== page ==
16 Nov Inspired Collisions, Formidable Complicity: Mozambique’s National Song & Dance Company in the Post-Civil War Era
Christina McMahon (Theater and Dance, UCSB)
Tuesday, November 16 / 5:30 PM
McCune Conference Room, 6020 HSSB
This analysis of the same state-sponsored National Song and Dance Company demonstrates how political powers may work on an African dance company over time yet produce strikingly different results. The debut of its piece “Ode à Paz”–a response to the signing of the Peace Accords that ended the country’s civil war in 1992–enacted a biting critique of national politics. More recently, however, the Company has staged propagandist tributes to the FRELIMO government that funds it. In this paper, I analyze two performances blending theatre and dance — “Ode à Paz” and “N’Tsay” — to illustrate the company’s cycle of resistance to and complicity with the socio-economic forces governing Mozambique’s postcolonial arts scene.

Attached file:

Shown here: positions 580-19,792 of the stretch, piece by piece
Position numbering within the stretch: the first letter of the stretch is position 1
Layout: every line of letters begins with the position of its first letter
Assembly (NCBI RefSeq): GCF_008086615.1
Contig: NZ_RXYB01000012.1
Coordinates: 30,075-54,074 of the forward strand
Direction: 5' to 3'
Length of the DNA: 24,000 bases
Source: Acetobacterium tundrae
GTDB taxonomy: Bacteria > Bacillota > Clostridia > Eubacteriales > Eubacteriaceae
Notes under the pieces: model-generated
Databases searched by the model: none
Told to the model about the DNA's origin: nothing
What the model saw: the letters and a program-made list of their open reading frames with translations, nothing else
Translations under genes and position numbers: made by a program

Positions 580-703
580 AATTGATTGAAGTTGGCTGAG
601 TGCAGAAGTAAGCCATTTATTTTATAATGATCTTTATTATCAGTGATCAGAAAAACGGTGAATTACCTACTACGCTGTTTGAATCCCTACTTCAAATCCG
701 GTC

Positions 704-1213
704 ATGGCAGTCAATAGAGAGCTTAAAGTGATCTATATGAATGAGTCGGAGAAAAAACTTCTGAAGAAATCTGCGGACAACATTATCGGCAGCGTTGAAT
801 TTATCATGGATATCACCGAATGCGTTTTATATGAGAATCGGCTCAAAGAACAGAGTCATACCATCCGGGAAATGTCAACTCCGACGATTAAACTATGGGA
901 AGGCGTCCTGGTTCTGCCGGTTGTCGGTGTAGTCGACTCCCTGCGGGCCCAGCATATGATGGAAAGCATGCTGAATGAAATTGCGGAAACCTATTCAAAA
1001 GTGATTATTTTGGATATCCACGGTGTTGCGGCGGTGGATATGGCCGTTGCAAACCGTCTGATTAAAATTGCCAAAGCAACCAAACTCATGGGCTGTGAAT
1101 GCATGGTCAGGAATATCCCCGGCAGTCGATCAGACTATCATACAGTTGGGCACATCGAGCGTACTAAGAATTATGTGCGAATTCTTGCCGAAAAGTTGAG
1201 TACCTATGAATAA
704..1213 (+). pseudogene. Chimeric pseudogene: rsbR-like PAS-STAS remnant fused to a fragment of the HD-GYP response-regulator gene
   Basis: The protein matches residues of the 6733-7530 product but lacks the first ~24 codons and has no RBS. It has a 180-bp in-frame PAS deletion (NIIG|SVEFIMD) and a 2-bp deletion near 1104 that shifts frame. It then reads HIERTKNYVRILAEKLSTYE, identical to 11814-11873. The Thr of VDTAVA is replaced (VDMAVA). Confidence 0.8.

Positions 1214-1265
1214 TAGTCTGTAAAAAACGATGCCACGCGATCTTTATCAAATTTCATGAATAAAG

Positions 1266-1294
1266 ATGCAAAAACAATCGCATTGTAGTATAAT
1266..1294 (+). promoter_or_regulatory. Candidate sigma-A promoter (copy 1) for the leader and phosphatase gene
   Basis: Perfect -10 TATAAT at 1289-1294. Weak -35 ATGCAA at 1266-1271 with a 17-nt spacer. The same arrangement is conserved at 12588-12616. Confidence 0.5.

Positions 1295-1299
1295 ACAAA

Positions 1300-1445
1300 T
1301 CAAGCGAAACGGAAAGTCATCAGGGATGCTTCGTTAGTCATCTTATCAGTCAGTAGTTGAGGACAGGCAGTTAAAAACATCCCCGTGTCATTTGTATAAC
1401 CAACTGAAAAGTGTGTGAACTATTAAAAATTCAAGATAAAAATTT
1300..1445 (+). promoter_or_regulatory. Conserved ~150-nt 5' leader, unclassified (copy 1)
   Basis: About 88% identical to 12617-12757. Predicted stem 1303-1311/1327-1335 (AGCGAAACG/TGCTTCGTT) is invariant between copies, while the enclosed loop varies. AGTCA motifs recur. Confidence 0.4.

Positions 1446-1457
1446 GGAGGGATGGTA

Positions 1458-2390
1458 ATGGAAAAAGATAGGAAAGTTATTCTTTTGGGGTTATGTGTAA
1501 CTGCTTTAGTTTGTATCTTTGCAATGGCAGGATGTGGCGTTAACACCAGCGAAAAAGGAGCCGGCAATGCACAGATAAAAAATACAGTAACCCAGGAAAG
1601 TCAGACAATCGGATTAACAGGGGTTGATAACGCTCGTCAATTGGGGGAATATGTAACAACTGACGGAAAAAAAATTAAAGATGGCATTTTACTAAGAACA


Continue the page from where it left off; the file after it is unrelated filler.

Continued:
Christina McMahon is an Assistant Professor in UCSB’s Theater and Dance department. She is currently working on a monograph about Lusophone transnationalism at theatre festivals in Cape Verde, Mozambique, and Brazil, and has another research project about theatrical interventions into wars in Africa. Her articles have appeared in Theatre Survey, Theatre Research International, and Theater History Studies.
Sponsored by the IHC’s African Studies RFG.